I lost my mind
I watched myself make up untrue stories in my head and became impatient because of my thoughts about “all the things that aren’t done.”
I felt overwhelmed.
I tried to change the situation and to control someone else.
I felt the urge to reduce my discomfort. It was an attempt to feel better.
We’re familiar with urges when it comes to things like weight management; trying to resist the urge to eat chocolate or to snack at night.
But we also have urges when it comes to other emotions and managing ourselves.
My actions were caused by my feelings of discomfort, with the intention to temporarily relieve my discomfort by changing the situation, or to control the other person.
Instead of taking responsibility for our thoughts and feelings, we often blame others when we’re not able to manage our own minds.
When we experience an urge caused by our thoughts and feelings we’re missing the opportunity to act with real intention and integrity.
Will this behavior produce the intended result?
Do you like how you showed up if it does?
Is this who you want to be?
How can we best act from integrity? â€” By watching our thoughts and feelings.
What are your emotional urges?
Instead of understanding what’s going on for us, we often seek fast, temporary relief from our feelings.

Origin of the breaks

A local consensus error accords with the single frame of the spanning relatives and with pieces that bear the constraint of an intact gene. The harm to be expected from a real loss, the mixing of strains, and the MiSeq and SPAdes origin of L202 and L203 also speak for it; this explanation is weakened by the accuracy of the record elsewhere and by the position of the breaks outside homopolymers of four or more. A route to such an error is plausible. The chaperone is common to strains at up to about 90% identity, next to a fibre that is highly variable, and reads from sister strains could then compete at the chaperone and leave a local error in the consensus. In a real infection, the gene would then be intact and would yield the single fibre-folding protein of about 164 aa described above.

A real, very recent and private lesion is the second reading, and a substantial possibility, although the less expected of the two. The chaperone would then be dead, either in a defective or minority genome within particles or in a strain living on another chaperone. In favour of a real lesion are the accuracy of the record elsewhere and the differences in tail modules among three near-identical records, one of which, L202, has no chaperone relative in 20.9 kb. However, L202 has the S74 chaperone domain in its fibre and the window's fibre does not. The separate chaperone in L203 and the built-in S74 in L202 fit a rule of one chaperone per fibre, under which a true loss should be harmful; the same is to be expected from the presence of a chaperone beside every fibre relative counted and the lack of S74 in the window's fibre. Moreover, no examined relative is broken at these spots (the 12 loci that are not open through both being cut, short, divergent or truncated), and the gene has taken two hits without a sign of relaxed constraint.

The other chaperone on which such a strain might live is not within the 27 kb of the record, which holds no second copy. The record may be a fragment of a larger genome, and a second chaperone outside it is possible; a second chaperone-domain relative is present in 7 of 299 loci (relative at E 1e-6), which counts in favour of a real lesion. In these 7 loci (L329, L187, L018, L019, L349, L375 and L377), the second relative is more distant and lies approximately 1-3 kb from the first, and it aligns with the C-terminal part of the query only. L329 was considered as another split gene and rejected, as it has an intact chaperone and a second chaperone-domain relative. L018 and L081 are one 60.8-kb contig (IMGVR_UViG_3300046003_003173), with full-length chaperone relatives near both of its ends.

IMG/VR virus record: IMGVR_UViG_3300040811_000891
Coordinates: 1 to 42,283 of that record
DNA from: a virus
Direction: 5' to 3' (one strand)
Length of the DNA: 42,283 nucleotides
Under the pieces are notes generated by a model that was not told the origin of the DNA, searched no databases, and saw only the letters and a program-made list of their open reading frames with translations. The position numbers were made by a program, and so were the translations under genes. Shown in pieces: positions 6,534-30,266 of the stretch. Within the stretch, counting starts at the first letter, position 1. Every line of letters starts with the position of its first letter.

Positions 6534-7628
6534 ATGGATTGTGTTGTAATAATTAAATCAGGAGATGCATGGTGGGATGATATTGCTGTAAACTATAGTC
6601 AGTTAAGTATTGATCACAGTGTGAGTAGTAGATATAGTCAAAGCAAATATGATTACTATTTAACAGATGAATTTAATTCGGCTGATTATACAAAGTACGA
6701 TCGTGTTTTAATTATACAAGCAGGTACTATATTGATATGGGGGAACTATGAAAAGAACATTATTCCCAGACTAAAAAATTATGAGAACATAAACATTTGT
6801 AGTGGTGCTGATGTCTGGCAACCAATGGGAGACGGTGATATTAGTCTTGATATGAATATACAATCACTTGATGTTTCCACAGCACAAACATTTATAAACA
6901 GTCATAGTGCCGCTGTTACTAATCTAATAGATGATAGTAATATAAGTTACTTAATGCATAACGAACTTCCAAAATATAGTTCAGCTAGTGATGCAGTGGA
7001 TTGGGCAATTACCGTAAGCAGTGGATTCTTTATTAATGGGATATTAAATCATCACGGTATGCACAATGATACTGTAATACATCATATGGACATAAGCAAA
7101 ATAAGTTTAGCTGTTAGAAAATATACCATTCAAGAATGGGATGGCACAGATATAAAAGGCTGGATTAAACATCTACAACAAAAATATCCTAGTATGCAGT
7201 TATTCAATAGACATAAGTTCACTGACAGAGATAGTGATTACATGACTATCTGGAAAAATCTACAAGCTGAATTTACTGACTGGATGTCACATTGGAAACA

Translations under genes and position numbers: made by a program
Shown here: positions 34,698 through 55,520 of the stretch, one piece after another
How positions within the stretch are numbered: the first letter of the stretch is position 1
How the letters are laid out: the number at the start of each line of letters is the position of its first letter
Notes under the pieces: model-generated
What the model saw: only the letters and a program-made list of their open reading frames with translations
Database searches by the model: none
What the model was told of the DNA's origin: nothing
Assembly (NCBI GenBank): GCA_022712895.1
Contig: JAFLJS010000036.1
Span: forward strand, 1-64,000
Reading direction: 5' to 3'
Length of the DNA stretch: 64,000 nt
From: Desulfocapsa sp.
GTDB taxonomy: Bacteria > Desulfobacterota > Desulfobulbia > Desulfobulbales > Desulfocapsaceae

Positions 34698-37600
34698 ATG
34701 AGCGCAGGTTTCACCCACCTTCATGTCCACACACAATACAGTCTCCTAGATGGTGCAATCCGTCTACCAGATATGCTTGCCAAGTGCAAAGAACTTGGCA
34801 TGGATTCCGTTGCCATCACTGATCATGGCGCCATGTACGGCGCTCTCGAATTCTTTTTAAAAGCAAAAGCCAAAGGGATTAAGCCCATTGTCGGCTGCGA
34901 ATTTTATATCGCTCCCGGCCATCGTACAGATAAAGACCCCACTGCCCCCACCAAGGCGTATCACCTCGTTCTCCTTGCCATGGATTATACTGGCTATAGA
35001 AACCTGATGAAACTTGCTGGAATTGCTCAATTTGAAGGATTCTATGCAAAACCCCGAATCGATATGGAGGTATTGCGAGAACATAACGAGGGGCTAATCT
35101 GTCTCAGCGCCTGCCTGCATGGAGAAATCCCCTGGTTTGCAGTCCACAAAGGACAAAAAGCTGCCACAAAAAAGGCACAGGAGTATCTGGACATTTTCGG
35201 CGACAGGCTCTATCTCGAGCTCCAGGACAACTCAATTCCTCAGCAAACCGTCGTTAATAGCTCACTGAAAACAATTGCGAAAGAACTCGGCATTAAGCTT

My “go-to” emotional urges are to feel disappointment ahead of time, to people please, to take on a victim mentality. (To name just a few 🙂 )
Watch and be aware of your urges. What are their negative or unintended consequences?
What to do
Be sure you are always in a place of compassion, understanding, and love, when learning about yourself. You cannot beat yourself up in an attempt to change.
Your mind likes to be efficient, so once it has thought the same patterns over and over again, it requires practice and skill to change.
If you’re trying to change your thought patterns, you’ll need to practice patience. You’re in a battle with your own mind, and when it’s you against your old patterns, you’re always going to lose unless you’re patient with yourself.
In order to understand ourselves better, we can take responsibility for our thoughts and practice new ways of thinking.